For Lou, it's the right call at wrong time

Posted7/21/2010 12:01 AM

The irony of all that happened - or didn't happen - Tuesday at Wrigley Field is that four years ago the Cubs wanted nothing to do with Joe Girardi.

As in slim and none, and slim wasn't even in the building.


The Cubs weren't going to grant him an audience until intermediaries got Girardi a courtesy interview.

Lou Piniella was their choice from the start, and the Cubs didn't think too much of Girardi after the Marlins dismissed the 2006 Manager of the Year.

And, yet, by allowing Lou Piniella to hang around for another 11 weeks, the Cubs seem to have told Girardi that they won't make a decision on a new manager until the Yankees are done in October and Girardi decides whether he wants to stay in New York.

The Cubs also have indicated that Ryne Sandberg and Bob Brenly don't top their list of candidates, because if either was No. 1, the Cubs could send Piniella home today and let their new manager get started.

That's a theory GM Jim Hendry disagreed with as we stood on the field about an hour before Tuesday night's game against the Astros at Wrigley Field.

"It's great for us that we have Lou the rest of the year because it gives us time to plan and there's no rush to make a call," Hendry said. "And Ryno's a legit candidate and he's got a real shot. You're wrong if you think he's not."

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Well, let's hope I am.

It's just difficult to understand why they'd need until October to conduct a full search unless the guy they wanted was currently unavailable.

What research would they have to conduct now on Brenly or Sandberg that hasn't already been done when the Cubs have known for at least a year or two that Piniella had lost his edge?

It simply doesn't make sense to spend a couple of months watching Piniella sleep through the rest of the schedule when a new manager could be learning his players and making decisions about next year.

But other than that disappointment for Cubs fans, no serious news emerged from the theatrics Tuesday afternoon.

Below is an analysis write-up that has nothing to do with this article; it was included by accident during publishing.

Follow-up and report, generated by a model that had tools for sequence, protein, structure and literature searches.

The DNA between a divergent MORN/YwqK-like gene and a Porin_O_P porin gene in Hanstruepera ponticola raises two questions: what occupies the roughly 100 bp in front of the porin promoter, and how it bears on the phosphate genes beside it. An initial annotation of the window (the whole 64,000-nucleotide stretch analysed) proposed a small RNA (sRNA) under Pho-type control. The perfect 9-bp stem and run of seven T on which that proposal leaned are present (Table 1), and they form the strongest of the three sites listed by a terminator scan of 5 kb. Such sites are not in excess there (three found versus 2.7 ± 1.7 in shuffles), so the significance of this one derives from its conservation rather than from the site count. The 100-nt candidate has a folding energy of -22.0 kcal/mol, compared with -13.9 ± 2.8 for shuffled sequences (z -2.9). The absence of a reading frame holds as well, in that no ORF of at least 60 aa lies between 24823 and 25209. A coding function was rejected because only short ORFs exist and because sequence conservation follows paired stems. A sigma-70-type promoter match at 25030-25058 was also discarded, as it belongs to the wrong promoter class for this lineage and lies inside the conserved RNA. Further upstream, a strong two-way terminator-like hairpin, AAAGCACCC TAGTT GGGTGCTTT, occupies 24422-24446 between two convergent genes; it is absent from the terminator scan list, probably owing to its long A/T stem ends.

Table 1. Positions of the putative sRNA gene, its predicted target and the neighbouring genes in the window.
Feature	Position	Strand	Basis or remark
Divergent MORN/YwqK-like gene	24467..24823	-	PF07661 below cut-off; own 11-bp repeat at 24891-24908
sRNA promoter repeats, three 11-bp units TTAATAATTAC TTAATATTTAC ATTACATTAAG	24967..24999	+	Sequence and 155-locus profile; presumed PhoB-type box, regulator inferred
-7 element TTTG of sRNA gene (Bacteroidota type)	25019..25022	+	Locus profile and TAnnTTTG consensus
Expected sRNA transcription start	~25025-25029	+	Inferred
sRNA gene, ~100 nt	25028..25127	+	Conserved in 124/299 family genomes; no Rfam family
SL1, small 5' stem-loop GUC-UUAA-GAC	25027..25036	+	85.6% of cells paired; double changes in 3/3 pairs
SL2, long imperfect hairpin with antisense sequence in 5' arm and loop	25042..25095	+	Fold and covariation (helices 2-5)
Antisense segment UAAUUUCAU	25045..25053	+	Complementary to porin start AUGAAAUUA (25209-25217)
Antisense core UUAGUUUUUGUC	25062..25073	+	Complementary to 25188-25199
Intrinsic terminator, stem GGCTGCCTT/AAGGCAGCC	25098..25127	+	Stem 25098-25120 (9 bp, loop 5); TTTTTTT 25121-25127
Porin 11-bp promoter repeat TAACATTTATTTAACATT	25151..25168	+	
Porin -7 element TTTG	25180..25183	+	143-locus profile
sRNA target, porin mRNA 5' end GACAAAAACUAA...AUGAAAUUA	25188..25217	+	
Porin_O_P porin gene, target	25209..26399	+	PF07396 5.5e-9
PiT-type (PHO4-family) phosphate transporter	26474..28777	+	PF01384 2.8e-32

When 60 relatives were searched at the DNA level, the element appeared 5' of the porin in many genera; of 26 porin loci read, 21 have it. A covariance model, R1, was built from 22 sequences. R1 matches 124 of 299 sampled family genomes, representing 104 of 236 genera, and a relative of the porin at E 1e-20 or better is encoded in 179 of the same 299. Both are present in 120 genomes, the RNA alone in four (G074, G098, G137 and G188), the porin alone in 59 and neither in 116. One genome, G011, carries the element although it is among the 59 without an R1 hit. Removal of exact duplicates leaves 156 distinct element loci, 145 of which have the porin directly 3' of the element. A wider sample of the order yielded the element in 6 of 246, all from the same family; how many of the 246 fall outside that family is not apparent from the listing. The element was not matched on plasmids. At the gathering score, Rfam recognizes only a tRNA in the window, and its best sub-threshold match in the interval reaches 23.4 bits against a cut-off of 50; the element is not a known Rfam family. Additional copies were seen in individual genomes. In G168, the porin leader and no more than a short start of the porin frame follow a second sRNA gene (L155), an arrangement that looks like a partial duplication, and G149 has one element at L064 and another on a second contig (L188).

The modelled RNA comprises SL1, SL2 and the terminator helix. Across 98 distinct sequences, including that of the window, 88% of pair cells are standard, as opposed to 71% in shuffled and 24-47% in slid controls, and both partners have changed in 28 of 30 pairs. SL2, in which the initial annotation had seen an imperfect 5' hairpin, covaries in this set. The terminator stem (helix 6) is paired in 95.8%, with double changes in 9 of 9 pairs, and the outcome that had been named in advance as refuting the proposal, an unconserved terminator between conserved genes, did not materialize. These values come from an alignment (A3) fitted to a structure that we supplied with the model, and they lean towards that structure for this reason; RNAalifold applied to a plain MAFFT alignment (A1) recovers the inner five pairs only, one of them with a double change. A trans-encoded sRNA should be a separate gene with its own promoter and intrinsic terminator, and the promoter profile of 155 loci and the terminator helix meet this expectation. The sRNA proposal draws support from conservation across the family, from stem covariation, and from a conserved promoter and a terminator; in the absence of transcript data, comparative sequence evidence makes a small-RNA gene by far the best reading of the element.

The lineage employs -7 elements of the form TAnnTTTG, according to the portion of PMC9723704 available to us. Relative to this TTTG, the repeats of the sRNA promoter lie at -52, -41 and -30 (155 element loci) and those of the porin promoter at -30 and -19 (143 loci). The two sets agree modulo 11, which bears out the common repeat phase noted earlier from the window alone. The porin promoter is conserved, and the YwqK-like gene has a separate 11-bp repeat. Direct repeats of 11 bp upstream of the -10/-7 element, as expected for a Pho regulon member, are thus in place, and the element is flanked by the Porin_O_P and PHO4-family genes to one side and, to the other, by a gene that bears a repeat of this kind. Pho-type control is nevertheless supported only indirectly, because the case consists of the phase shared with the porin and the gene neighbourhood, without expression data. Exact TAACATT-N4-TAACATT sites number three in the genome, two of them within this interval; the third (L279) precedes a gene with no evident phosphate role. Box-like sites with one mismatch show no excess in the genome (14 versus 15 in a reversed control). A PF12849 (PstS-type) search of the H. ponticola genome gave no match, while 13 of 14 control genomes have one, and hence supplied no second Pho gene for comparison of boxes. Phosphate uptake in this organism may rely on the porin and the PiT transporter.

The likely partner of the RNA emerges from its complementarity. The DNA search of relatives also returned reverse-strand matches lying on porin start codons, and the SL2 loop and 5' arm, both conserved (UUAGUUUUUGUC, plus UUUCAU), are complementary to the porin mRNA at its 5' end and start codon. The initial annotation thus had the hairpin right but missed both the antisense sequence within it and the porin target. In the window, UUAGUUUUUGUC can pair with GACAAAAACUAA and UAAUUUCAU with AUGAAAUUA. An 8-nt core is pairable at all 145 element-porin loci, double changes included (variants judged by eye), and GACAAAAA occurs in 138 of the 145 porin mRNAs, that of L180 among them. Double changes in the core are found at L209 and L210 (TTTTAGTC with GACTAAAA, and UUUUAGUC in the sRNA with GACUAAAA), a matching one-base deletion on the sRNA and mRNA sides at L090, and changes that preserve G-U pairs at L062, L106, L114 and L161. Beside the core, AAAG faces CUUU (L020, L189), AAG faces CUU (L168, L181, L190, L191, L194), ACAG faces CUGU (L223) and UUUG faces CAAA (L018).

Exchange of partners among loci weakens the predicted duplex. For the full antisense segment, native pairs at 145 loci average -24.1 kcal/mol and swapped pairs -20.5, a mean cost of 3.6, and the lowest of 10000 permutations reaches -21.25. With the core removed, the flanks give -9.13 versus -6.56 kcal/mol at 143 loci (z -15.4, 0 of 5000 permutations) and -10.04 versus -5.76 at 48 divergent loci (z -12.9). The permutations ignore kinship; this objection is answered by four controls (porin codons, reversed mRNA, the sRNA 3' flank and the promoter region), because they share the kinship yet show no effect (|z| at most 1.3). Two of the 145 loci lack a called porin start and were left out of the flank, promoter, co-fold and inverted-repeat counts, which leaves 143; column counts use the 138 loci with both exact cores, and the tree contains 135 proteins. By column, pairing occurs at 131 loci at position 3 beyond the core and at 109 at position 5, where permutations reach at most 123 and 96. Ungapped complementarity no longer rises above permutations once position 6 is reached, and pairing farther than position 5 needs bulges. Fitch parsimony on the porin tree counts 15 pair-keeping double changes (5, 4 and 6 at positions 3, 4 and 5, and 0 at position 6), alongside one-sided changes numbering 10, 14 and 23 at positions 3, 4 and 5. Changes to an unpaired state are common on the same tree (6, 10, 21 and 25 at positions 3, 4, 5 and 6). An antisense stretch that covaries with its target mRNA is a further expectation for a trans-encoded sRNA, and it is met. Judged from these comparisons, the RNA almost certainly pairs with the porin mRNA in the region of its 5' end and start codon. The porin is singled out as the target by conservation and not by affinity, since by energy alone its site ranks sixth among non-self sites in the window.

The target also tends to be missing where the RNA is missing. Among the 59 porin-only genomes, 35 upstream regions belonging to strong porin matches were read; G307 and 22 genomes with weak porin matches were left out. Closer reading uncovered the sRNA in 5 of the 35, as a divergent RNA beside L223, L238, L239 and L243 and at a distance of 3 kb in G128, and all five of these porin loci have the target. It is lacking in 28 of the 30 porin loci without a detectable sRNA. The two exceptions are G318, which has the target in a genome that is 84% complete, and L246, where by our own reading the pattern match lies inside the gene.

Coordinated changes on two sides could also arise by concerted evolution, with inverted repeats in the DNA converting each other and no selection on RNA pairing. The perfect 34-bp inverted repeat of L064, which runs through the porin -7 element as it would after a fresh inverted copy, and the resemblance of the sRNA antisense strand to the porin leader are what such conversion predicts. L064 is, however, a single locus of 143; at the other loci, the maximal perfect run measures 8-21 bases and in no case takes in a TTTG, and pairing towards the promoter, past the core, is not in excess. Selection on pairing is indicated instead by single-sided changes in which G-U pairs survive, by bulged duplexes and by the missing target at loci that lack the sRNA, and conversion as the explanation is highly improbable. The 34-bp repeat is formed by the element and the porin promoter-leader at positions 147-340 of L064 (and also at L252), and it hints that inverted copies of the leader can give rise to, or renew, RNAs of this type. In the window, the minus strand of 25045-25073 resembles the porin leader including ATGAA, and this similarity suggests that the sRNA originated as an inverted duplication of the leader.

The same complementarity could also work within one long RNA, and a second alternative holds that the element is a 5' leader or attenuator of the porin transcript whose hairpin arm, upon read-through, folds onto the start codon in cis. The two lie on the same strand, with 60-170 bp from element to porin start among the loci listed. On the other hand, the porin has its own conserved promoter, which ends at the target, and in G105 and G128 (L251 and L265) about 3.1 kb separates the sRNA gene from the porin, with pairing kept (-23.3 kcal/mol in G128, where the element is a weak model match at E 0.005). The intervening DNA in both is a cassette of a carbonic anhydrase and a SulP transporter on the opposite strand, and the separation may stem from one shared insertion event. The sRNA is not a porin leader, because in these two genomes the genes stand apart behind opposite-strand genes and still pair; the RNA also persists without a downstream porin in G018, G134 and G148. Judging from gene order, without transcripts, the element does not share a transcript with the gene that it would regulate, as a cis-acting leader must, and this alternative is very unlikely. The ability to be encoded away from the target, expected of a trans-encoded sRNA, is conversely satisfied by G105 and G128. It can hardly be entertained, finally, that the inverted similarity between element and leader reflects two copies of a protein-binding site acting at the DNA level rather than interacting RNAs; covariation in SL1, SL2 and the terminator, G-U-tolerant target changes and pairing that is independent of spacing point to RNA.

There was no reason to think Hendry wasn't returning with more than 21/2 years left on his contract, and especially after owner Tom Ricketts told the Daily Herald on July 10 that, "I have the highest level of confidence in Jim. We came in Day One and started from square one. From there, I thought the off-season was terrific for the organization."


Simply put, Ricketts likes what he has seen since he got here and won't judge the bad contracts of the past - or who's responsible for them - when the team has been through three owners and three team presidents in four years.

"I've been all around the organization," Ricketts told me Tuesday, "and I like what I see and I like what I hear."

As for Piniella, who didn't know he was finished?

"I want to go home," Piniella said. "I've been away from home since 1962. It's been a long road."

His news conference took place, fittingly, in the dungeon of a prison cell that serves as an interview room, the one Piniella so disliked the last few years, the source of so much irritation, the place that helped create the perception he was out to lunch, which he so often looked to be.

The manager's best chance to communicate with the fans is postgame, but the 66-year-old Piniella was barely able to answer questions the last couple of months, having no explanation for his team's awful play.

While it should have happened now, Piniella nevertheless deserved a dignified exit, having shown nothing but class in Chicago following the Dusty Baker era, which was often an embarrassment to the franchise.

"He's earned the right to go out the right way," Hendry said, before taking a not-so-subtle shot at Baker. "He always played the young guys we gave him, and he always understood that he was working in the best interests of the team and the organization, not himself."

Piniella was particularly good and energetic the first year, holding it together and holding players accountable when the Cubs struggled out of the gate. He worked closely with Hendry to tweak the roster and get players on the North Side who could help him win.

But about halfway through the second season, he stopped being the bad cop and stopped being the cop at all.

After getting swept two straight years in the playoffs, last season took a toll on Piniella, and when this season started ugly again Piniella appeared even less interested.

That's how many Cubs fans will remember him, because now you have a sloppy team punctuated by Aramis Ramirez refusing to put his body in front of a ball at third, and inmates like Carlos Zambrano running the asylum until the GM is forced to step in and discipline the loons.

But it would be unfair to think of his entire time here in that way.

After all, Piniella is the first Cubs manager to reach the playoffs two straight seasons since 1908, first to post three straight winning records since Leo Durocher in the early '70s, and his .531 winning percentage is the best since Charlie Grimm managed the Cubs full time in 1949.

So Piniella departs not as a failure, but rather as a man who raised the bar and then couldn't win enough for a fan base that has suffered for more than a century and measures success only by World Series titles.

Count Piniella among those sorry that it didn't occur while he was here, but not sorry that it's over.

"I've been doing this my whole life, and to do something you love for so long, it's hard to leave," Piniella said. "But it's time."